The centric diatom Stephanodiscus yellowstonensis Theriot and Stoermer is endemic to Yellowstone Lake, where it can be an important component of the summer phytoplankton assemblage. Its close relative, Stephanodiscus niagarae Ehrenberg, is abundant in nearby lakes and regional reservoirs. We used the stratigraphic record of Yellowstone Lake to investigate the evolution of S. niagarae to S. yellowstonensis and to describe the limnologic and climatic conditions associated with its evolution. A dramatic morphological shift took place between about 13.7 and 10.0 Ka, but morphology remained stable from 10 Ka to the present. Coincident with morphological change in the S. niagarae/S. yellowstonensis complex were changes in the diatom species assemblage, biogenic silica concentrations, sediment lithology, and regional vegetation. These changes suggest an environment that experienced progressive warming following the retreat of continental glaciers. We could not identify a specific selective factor driving evolution. Nevertheless, nonrandom morphological evolution strongly associated with continuous environmental change suggests that directional selection is a reasonable hypothesis to account for evolution of S. yellowstonensis. Protists are presumed to evolve gradually after speciation events because of large population size, high dispersal capacity, and low reproductive barriers. However, published diatom examples and the evolution of S. yellowstonensis suggest that it is premature to generalize about rates of evolution in protists, or at least to include diatoms in this generalization.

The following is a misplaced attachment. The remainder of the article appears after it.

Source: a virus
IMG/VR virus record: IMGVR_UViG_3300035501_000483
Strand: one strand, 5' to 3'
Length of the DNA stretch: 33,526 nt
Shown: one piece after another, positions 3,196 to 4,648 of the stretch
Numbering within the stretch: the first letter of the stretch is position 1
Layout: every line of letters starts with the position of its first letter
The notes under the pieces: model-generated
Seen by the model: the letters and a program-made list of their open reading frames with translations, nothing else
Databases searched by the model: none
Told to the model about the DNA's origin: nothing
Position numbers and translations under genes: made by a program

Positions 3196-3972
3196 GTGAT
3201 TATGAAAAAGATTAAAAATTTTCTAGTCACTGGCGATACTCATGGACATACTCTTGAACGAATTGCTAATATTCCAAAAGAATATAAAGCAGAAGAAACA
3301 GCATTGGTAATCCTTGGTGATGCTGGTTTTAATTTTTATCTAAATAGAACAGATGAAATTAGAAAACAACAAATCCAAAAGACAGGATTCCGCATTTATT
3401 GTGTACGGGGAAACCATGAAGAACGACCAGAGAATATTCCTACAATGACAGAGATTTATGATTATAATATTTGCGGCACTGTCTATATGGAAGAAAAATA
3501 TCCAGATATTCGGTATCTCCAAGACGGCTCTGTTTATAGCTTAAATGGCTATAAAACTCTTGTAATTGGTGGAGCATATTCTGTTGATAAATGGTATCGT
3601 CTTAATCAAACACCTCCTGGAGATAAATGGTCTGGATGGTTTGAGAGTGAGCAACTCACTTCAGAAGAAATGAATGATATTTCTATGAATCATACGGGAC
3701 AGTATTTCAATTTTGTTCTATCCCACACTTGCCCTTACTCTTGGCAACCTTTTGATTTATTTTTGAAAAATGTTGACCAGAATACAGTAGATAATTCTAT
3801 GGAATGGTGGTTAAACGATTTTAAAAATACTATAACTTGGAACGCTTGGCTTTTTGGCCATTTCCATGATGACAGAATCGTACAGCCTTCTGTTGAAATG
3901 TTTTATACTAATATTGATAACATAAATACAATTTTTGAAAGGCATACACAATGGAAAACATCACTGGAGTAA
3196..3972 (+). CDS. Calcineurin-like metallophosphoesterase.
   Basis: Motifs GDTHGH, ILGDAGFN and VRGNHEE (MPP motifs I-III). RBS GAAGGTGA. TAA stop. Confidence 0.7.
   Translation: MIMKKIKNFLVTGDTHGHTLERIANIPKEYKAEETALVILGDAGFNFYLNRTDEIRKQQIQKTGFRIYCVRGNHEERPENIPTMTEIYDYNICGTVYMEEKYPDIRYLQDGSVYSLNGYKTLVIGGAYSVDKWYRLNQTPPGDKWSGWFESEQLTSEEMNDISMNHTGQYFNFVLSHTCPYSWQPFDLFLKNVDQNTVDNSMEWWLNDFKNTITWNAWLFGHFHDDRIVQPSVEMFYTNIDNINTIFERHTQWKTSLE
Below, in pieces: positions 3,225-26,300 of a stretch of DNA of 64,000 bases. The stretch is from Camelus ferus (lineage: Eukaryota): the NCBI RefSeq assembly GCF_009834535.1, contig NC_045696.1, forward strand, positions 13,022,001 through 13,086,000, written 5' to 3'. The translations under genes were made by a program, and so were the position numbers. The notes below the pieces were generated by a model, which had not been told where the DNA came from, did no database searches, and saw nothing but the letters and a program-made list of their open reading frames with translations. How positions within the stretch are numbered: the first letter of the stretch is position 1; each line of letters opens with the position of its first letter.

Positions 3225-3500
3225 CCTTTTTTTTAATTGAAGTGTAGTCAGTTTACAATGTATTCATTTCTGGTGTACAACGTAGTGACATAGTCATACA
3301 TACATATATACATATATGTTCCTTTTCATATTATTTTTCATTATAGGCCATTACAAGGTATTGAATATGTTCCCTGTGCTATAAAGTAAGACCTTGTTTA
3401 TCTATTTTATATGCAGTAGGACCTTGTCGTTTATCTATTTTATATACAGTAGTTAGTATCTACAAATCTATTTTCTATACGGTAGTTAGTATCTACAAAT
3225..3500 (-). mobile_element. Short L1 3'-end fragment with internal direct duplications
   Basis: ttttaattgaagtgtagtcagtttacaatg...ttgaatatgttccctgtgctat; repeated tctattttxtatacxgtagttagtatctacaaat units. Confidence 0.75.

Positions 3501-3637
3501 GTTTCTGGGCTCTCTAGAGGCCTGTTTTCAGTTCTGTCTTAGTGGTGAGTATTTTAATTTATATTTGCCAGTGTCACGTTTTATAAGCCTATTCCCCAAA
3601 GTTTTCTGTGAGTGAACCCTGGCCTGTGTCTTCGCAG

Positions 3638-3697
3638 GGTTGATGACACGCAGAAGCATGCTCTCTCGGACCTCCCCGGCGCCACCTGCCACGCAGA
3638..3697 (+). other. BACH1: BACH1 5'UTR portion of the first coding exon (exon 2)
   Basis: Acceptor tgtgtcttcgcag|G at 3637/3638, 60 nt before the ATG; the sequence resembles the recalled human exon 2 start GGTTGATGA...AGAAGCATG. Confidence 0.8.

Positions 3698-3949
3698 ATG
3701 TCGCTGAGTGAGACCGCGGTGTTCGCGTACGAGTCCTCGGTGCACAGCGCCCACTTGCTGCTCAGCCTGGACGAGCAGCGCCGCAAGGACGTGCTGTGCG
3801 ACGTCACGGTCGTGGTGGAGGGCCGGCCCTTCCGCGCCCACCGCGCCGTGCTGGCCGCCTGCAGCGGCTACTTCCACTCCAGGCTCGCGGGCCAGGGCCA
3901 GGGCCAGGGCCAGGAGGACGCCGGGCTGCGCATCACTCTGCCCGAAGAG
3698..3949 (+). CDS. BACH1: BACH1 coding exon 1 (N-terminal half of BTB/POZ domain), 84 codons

Lakes are intricately tied to the climate system in that their water level and chemistry are a manifestation of the balance between inputs (precipitation, stream inflow, surface runoff, groundwater inflow) and outputs (evaporation, stream outflow, groundwater recharge) (Mason et al., 1994). Hence, changes in the hydrologic budget, caused by either climatic change or human activity, have the potential to alter lake level and lake chemistry. These, in turn, may affect the physiological responses and species composition of the lake's biota, including those of diatoms. Here, we review the use of diatoms as indicators of hydrologic and climatic change, with an emphasis on environmental reconstruction in arid and semi-arid regions. First we discuss linkages among climate, hydrology, lake hydrochemistry, and diatoms that form the foundation for environmental reconstruction and then review selected examples of diatom-based studies.
LAKE HYDROLOGY AND HYDROCHEMISTRY
Lakes vary in their hydrologic sensitivity to climatic change (Winter, 1990). In basins with a surface outlet, lake-level increase is constrained by topography, and any change in input is usually balanced by outflow. Thus, in open basins, lake level fluctuates relatively little, unless hydrologic change is sufficiently large to drop water level below the outlet level. In contrast, closed-basin lakes, that is lakes without surface outflow, often show changes in level associated with changes in the balance between precipitation and evaporation (P – E). The magnitude of response to fluctuations in P – E depends on the relative contribution of groundwater inflow and outflow to the hydrologic budget; lake-level change is greatest in terminal basins, which have neither surface nor groundwater outflow.